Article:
The United States’ Food and Drug Administration has just approved a new drug to fight HIV in combination with other antiretrovirals that are already on the market. The drug is called Edurant, and it was made by New Jersey based Tibotec Therapeutics. It works by blocking the HIV from replicating and is part of a class of drugs known as non-nucleoside reverse transcriptase inhibitor.
“Patients may respond differently to various HIV drugs or experience varied side effects,” said Edward Cox, director of the office of antimicrobial products in the FDA’s Center for Drug Evaluation and Research.
“FDA’s approval of Edurant provides an additional treatment option for patients who are starting HIV therapy.”
The FDA also approved a long awaited drug for the treatment of Hepatitis C, which was developed by Vertex Pharmaceuticals. The drug is called Incivek, and it is so effective that the chances of a person being cured of the disease double with its’ use. This drug works in combination with others such as ribavirin and pegylated interferon. It was unanimously approved by the FDA, and Vertex founder and former CEO Joshua Boger remarked that this is “a great day for patients that we at Vertex envisioned almost 18 years ago.”
Have you ever wondered just how much help wearing a medical mask is? It doesn’t seem like it would be a whole lot, considering how thin they are, but a new study has shown that they provide greater help than was previously thought.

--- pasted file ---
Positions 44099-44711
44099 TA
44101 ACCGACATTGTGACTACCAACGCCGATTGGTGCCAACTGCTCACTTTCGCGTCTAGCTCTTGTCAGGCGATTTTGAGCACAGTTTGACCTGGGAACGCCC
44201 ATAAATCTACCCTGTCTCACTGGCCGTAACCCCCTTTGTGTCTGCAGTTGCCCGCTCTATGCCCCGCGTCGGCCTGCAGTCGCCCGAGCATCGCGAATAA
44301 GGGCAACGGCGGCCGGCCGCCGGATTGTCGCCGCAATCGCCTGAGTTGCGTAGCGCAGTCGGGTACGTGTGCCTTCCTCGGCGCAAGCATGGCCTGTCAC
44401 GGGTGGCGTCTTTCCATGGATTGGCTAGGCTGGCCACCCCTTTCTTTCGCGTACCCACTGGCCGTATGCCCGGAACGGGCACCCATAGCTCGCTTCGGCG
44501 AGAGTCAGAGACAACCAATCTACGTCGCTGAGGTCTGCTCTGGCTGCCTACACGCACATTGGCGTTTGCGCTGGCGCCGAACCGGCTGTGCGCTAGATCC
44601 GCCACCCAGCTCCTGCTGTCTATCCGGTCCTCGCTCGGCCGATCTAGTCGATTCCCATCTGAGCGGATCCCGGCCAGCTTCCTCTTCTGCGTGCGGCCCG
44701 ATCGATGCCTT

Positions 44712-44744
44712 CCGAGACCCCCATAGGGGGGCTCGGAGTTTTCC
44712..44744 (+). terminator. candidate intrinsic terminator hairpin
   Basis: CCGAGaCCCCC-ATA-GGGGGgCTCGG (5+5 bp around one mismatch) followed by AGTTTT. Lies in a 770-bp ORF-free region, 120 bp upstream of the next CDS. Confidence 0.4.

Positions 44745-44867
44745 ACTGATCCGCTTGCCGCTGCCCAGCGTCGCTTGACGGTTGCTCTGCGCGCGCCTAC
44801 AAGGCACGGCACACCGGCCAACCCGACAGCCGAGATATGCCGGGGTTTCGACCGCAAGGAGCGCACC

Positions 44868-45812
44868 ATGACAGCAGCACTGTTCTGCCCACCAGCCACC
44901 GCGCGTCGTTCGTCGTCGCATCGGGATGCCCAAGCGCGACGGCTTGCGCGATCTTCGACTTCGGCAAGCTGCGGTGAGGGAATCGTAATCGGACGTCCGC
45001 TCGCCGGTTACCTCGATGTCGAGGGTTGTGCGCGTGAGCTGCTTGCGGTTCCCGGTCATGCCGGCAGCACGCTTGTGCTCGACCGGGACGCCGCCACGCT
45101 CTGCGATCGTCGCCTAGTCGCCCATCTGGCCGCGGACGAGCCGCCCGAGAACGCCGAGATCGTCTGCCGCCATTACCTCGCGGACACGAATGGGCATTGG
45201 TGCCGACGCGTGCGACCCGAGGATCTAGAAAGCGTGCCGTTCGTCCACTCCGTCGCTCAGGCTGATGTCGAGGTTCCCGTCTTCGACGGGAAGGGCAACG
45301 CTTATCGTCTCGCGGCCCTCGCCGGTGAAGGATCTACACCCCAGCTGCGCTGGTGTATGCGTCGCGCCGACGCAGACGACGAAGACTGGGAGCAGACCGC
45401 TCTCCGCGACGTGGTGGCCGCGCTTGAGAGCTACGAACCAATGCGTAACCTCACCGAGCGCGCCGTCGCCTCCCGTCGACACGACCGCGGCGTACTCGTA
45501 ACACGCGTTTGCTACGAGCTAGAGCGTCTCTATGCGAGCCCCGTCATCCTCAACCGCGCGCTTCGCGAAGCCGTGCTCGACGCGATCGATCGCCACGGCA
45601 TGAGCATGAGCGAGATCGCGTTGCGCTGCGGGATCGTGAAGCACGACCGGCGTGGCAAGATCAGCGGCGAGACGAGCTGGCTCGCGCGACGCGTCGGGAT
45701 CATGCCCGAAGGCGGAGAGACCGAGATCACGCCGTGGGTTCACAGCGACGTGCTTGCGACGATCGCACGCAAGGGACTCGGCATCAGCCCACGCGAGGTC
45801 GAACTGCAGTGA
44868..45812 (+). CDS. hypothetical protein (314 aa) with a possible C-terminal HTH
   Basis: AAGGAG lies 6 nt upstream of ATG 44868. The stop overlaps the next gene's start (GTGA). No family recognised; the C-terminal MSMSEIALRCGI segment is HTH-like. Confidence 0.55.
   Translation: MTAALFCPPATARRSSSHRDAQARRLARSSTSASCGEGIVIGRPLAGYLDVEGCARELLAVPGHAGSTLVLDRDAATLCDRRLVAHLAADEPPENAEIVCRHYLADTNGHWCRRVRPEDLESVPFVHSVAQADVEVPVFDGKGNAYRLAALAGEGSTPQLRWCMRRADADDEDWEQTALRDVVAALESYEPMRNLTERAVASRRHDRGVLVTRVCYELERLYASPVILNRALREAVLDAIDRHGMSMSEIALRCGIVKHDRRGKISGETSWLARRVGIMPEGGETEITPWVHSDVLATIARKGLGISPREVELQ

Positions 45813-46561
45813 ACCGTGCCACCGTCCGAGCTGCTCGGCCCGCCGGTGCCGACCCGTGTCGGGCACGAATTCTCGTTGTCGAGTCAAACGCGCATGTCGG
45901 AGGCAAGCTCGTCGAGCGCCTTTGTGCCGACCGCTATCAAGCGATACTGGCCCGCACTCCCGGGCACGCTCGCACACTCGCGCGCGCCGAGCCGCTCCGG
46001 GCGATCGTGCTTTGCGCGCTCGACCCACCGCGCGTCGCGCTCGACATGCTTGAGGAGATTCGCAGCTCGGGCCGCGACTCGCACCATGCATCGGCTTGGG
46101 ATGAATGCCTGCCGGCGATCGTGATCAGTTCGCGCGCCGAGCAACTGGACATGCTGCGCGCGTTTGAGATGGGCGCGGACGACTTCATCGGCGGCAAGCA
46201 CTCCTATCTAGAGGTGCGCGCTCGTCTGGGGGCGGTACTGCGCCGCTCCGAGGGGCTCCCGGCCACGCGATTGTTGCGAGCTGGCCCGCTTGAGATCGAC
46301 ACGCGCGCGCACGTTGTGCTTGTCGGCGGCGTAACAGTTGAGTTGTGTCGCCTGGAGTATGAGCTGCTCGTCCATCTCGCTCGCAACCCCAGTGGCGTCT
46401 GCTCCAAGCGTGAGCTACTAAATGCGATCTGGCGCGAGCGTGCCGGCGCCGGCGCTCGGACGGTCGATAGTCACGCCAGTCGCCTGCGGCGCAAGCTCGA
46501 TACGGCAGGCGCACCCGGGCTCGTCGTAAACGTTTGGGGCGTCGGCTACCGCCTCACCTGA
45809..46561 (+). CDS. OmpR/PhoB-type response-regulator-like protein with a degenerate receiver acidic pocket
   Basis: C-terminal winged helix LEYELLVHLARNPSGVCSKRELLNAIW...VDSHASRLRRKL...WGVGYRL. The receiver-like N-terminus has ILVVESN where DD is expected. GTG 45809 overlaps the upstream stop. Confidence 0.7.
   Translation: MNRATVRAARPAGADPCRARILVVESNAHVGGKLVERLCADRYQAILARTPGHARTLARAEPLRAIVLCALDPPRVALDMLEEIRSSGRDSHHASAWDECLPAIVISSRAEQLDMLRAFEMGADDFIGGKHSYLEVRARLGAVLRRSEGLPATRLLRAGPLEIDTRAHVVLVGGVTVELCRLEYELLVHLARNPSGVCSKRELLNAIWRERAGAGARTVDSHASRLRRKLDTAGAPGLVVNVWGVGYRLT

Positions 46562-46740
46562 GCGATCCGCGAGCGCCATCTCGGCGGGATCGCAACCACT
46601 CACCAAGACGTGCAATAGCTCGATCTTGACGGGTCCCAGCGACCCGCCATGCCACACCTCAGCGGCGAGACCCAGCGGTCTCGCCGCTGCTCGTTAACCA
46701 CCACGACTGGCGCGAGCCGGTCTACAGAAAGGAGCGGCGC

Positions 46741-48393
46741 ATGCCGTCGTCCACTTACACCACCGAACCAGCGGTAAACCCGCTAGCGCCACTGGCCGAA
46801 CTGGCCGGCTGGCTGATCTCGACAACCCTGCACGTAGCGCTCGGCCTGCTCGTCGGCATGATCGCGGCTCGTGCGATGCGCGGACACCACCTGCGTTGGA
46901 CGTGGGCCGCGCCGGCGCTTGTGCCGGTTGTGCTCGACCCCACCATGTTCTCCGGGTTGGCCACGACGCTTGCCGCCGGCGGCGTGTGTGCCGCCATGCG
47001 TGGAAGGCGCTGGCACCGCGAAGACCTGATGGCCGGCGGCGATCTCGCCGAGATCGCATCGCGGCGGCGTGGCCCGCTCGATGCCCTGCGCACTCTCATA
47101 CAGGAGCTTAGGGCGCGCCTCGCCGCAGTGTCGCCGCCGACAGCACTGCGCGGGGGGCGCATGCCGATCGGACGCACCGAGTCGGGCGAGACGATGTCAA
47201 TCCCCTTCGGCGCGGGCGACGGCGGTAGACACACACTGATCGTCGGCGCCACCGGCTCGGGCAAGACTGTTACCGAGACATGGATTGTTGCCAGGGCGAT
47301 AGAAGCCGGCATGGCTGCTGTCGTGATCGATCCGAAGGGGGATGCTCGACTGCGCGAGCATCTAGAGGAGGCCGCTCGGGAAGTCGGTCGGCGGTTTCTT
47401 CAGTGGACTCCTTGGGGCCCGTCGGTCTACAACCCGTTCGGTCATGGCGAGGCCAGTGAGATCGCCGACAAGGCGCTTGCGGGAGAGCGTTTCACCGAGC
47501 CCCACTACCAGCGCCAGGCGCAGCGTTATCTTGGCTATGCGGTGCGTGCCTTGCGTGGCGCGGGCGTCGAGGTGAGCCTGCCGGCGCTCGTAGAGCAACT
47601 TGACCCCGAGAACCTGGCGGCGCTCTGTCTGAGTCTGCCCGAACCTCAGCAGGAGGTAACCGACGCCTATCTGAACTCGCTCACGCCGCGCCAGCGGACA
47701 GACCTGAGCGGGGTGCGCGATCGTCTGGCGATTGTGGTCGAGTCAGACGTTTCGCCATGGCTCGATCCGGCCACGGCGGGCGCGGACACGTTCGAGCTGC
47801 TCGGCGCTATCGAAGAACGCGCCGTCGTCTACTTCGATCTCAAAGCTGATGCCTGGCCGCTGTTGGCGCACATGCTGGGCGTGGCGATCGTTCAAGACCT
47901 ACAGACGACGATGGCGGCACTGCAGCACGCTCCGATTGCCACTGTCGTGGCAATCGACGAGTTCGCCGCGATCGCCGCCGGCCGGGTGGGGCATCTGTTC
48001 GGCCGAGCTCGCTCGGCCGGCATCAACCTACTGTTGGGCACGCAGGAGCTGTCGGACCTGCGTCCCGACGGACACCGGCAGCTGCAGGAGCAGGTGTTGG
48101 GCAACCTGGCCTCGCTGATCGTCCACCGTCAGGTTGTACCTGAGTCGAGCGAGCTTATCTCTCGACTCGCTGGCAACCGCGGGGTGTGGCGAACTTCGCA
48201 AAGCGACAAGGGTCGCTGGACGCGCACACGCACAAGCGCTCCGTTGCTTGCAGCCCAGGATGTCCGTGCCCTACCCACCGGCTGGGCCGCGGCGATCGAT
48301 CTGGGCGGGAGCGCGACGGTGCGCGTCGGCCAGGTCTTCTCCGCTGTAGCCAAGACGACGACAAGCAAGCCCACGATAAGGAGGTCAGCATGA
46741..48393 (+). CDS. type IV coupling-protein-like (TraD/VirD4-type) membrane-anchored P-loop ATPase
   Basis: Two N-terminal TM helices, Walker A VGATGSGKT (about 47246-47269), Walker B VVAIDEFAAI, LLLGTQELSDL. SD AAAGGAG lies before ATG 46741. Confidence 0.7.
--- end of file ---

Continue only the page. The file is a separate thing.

Crosstex International, a subsidiary of Cantel Medical Corp., announced today the publication of sponsored research that suggests a far greater infection prevention value of medical face masks, commonly referred to as surgical masks, than previously understood. The key outcome challenges conventional wisdom that a medical mask or respirator is most effective when worn by a person attempting to protect oneself from exposure to infectious matter. Instead, if FDA-cleared medical face masks are worn at the potential source of the infection, the level of overall protection is magnified up to 300-fold. Published in the September issue of the American Journal of Infection Control, the research study, entitled “Quantifying Exposure Risk and Mask Protection”, was conducted by Keith Diaz, MD, and Gerald Smaldone, MD, PhD, at Stony Brook University Medical Center in Stony Brook, NY.
In what could be the biggest breaththrough since the invention of the Braille alphabet, Australia has revealed a prototype of a bionic eye, which was designed to restore sight to those with failing vision. The Australian government had commited $42 million in Australian dollars to the project. The Prime Minister, Kevin Rudd, said that the device could be “one of the most important medical advances we see in our lifetime.”
It is designed for patients suffering from degenerative vision loss caused by a genetic condition called retinitis pigmentosa or age-related macular degeneration. It consists of a miniature camera, mounted on glasses, that captures images and sends them to a processor which is kept in the wearer’s pocket. The image is then transmitted wirelessly to a unit, which is surgically implanted in the eye, which directly stimulates surviving neurons in the retina, signalling an image to the brain.